Myth: To clean my ears, only cotton swabs, keys, or my fingers work
Truth: Do not put anything in your ear that is smaller than your elbow
Many people think that ears must be cleaned like our bodies to remain healthy. While ears do need to be kept clean, they actually clean themselves. How? The skin of the ear canal (cerumen) migrates outward and acts as a protector of the delicate eardrum. Many times, prodding, poking, or picking at this material pushes it back in, causing blockage and potential temporary hearing loss – or even accidental puncture of the eardrum. In that event, a serious injury to the hearing bones can result in the need for emergency surgery.
And if itchy ears are often incorrectly relieved using cotton swabs the repeated scratching can cause a thickening of the ear canal, much like a callous. This pushes wax even deeper into the ear canal.
But some ear canals don’t remove the wax like they are supposed to – they are too narrow, so the natural cleaning process cannot do its job. In this case, ear wax accumulates. So how do you know if your ears are cleaning themselves properly?
If your ears are not clean, they may feel gummy and you may be tempted to grab that cotton swab or key. And if wax completely obstructs your Sonavel ear canal, you may experience hearing loss. But don’t take matters into your own hands! Visit your ENT (Ear, Nose and Throat) doctor, who can safely remove the wax build-up.
But if you want to try alleviating the wax at home, gently clean the outer portion of your ear canal with a wet washcloth. If your ear still feels blocked, you should call your doctor and have the cerumen removed.
The next best thing is to gently irrigate the ear canal with 3% hydrogen peroxide, using a small rubber ear syringe. Then dry the ear canal with a hair dryer set on a medium temperature; hot temperatures can cause temporary dizziness due stimulation of the balance canals.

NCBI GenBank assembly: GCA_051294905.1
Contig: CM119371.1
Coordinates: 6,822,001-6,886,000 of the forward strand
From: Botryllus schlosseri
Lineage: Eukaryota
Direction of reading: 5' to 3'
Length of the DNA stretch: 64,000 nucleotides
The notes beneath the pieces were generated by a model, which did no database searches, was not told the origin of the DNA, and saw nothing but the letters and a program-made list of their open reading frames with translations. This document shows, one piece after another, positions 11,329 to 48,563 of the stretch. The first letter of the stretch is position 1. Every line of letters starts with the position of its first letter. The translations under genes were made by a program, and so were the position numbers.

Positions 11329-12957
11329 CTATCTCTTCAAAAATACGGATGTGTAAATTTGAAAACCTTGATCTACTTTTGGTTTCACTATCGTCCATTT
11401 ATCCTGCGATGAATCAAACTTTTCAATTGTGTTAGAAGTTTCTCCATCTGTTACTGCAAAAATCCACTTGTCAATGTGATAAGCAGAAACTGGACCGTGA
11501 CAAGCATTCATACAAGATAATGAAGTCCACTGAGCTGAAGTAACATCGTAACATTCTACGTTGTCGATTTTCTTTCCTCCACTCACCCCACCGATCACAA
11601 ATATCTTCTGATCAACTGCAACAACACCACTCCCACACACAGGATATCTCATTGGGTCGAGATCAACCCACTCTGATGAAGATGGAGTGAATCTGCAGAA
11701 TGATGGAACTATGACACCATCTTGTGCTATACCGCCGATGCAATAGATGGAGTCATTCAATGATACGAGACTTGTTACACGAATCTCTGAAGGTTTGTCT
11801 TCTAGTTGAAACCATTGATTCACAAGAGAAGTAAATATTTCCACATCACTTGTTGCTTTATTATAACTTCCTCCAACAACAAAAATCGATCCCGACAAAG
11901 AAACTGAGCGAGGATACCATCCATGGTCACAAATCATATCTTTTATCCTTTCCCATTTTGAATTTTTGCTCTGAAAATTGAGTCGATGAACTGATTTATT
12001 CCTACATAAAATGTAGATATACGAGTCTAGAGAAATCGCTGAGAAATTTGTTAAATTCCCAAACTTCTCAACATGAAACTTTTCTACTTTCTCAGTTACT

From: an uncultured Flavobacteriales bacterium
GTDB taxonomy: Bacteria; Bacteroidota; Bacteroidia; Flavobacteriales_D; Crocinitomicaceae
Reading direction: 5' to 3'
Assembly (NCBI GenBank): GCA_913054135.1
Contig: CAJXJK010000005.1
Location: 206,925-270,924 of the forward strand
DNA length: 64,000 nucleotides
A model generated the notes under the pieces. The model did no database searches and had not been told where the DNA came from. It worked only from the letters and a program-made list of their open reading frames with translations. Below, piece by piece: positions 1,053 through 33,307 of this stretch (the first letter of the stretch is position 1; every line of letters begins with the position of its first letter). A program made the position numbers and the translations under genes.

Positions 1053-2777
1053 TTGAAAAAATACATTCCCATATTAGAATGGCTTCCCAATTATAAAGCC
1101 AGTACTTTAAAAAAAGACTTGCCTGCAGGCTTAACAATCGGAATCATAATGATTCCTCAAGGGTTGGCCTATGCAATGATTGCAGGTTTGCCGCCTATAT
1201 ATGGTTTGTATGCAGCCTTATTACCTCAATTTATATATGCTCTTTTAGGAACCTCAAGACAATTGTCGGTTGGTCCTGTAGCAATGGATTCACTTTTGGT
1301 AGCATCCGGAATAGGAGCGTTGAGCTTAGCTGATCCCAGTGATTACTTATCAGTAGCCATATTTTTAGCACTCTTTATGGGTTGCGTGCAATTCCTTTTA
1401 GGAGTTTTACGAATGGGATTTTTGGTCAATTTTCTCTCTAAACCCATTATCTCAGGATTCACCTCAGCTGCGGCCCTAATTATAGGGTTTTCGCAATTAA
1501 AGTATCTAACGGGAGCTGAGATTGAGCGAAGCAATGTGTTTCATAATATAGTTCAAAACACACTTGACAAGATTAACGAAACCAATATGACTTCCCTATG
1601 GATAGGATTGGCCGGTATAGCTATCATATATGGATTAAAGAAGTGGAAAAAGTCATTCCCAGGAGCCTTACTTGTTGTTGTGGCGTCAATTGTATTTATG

Myth: If my ear hurts, I must have an infection
Truth: Pain is usually caused by something less severe
One major cause of ear pain is inflammation of the temporomandibular joint (TMJ). The TMJ joint lies adjacent to the ear canal. Because of this close proximity, many of the same pain nerves are shared.
Swimmer’s ear (External Otitis) is another common cause of ear pain. It’s the result of the ear canal becoming and staying wet. This warm, wet, and dark environment is the perfect place for bacteria and fungus to live and multiply, causing an infection.
Another cause of ear pain is otitis media, an infection in the middle ear. This infection occurs after an upper respiratory infection reaches the middle ear, via the Eustachian tube.
Neuralgia, an inflammation of the nerves around the ear, can cause excruciating pain that feels like jabbing or stabbing inside the ear.
So how do you know what’s causing your ear pain?
TMJ is indicated if you press on the jaw joint while opening and closing the mouth and its hurts or is tender. A swimmer’s ear infection may be your problem if gently pulling on your outer ear hurts.
Otitis media and neuralgia are generally accompanied by sharper pain originating deeper in your ear. Otitis media is normally accompanied by pus draining into your ear canal through a perforation in the ear drum.
By now you’re wondering, Can I treat any of these problems myself?
Although TMJ inflammation should be managed by a dentist, you can temporarily relieve the discomfort by eating a soft diet; placing a warm heating pad on the affected jaw joint twice daily; or by taking anti-inflammatory medications. But if the pain still persists after a few days of home treatment, you must consult a dentist that specializes in TMJ pain.
Swimmer’s ear can be prevented by filling the ear canals with rubbing alcohol after every swim. Let it site for a couple of minutes, then draining the alcohol and dry your ears with a hair dryer set on medium temperature. Once swimmer’s ear infection occurs there can be a tendency for recurrence when the ear gets wet. Then it is even more important to treat your ears with alcohol after each and every swim.
If your pain is significant and comes from deep in your ear, you should seek treatment by an ENT doctor right away. Using special instruments, your doctor will clean the ear canal and prescribe antibiotics (either drops or oral medication) to eliminate any infection.